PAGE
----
JD: Thank you June. That was very interesting and I am looking forward to the exhibition. The first question that I have is about the exhibition that you are curating for the Guggenheim Museum. You have talked about framing devices, about the different positions, inside and outside, that the curator finds him or herself. If this exhibition travels to Asia, and I am not sure that it will, how would it change? Do you think it would be the same exhibition? Would you change its framing, including its explanatory text for example?
JY: The scope of the project [includes] a tour to Asia and it will be pretty much the same exhibition. It was something that I was thinking about from the beginning of the project already. One of the challenges was to put together something that would be meaningful back in Asia and in a place such as New York, where a lot of these artists are not so well-known, where it is a bit more of an introduction to what’s happening in the region and [these artist’s] practices. But then I also had to think in terms of how these works raise certain questions for us in Asia as well. That is how I approached it, although it now seems [an impossible task]. Text-wise, in terms of its description, its framing, I don’t think it will change a whole lot because I was thinking about [the way the works functioned in both places] from the start. There are different ways to approach it…the title itself is extremely ambiguous. But I am not here to talk about this exhibition…
JD: I think June is under some kind of gag order [laughter] so we are very lucky to have her here talking at all [laughter].
Audience member: I am interested in your discussion of the Abhishek Hazra work which I am sure is about the Bose theorems. For those who don’t know, Bose was a scientist from Bangladesh before partition. When he tried to publish his paper, it was rejected until he sent it to Einstein. Then Einstein essentially got it published but that meant that some of the theories were under Einstein’s name and it has taken many years for it to now be called Einstein-Bose. There is the Bose-Einstein particle also. So there was this whole controversy about knowledge production and who gets credit.
But I want to make a comment. When I see all these works, to my mind they are very clearly Asian art, Asian in its context.
There is a certain text that……is circulating [that] questions why it is that whenever we refer to a European philosopher, it is a philosopher or thinker, but when we speak of an Asian, it is always Asian philosophy and Asian thinking. Classical music is music, but when it’s from Africa, its ‘ethno-musicology.’ That debate also comes from the academy but it is important also to think about when there is so much work [from the US traveling to China] for example, it doesn’t come with an ethnic moniker, but when work from Asia comes here to the US, it needs to be framed. Maybe you could talk more about that…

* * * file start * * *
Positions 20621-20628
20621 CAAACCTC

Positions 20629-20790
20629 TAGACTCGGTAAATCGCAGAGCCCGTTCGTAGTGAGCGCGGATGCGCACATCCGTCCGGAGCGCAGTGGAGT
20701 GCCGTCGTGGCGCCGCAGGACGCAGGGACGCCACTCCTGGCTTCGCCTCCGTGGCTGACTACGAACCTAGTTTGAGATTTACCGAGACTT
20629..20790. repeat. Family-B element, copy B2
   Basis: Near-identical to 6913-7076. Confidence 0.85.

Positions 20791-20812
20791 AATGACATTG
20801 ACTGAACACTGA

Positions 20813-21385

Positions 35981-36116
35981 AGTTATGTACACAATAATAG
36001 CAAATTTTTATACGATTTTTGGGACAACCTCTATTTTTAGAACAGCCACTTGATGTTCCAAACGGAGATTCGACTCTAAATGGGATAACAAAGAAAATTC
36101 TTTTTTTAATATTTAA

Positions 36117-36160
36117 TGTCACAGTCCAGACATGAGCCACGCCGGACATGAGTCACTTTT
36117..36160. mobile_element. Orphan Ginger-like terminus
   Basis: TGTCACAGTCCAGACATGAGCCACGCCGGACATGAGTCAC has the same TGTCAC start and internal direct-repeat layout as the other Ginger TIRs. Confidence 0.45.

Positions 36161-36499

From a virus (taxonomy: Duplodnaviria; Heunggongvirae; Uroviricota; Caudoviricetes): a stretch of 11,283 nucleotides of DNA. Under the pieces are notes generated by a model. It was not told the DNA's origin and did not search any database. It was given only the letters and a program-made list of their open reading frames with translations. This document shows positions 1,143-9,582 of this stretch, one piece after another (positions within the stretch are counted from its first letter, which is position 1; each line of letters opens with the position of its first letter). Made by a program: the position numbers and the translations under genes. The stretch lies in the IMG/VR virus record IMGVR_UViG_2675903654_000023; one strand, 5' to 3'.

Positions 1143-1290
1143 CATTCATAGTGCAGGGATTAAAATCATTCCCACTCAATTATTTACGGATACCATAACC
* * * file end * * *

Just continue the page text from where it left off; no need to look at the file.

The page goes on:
JY: Yes, it is extremely problematic to have to assume an Asian role, as if it was something that I knew, that I actually understood, that I could define, even though [in reality] I can’t. I encounter the same problem when I write. A lot of my education, although I grew up in Singapore, came from reading British and European literature and watching American television. A lot of my courses of study were of European philosophers. Art history is the same, so when we start to talk about work…let’s say Abhishek’s work and his conceptual practices, we end up deferring to what from Asia we think of as the other. It is [however] something [that is] for me a lot more inter-woven. It is not quite so distinct. I think that the whole East/West binary is a very modernist thing as well. It is something that we need to get over. But I know that the moment we remove that distinction, we are faced with a different kind of problem. The question will be raised: how do you talk about the Asian aspect of it? Something that I am getting from the title of the exhibition itself is the fact that, on the one hand, there is an aspect of the removal of these walls and the ability to talk about how culture fluidly travels across East and West and everywhere else. But at the same time it is provocative to have taken away our identity as well. I don’t really have an answer to that. Artists face [this problem] as well and that is why it is important to be sensitive to [readings of art], because it affects production, it affects circulation.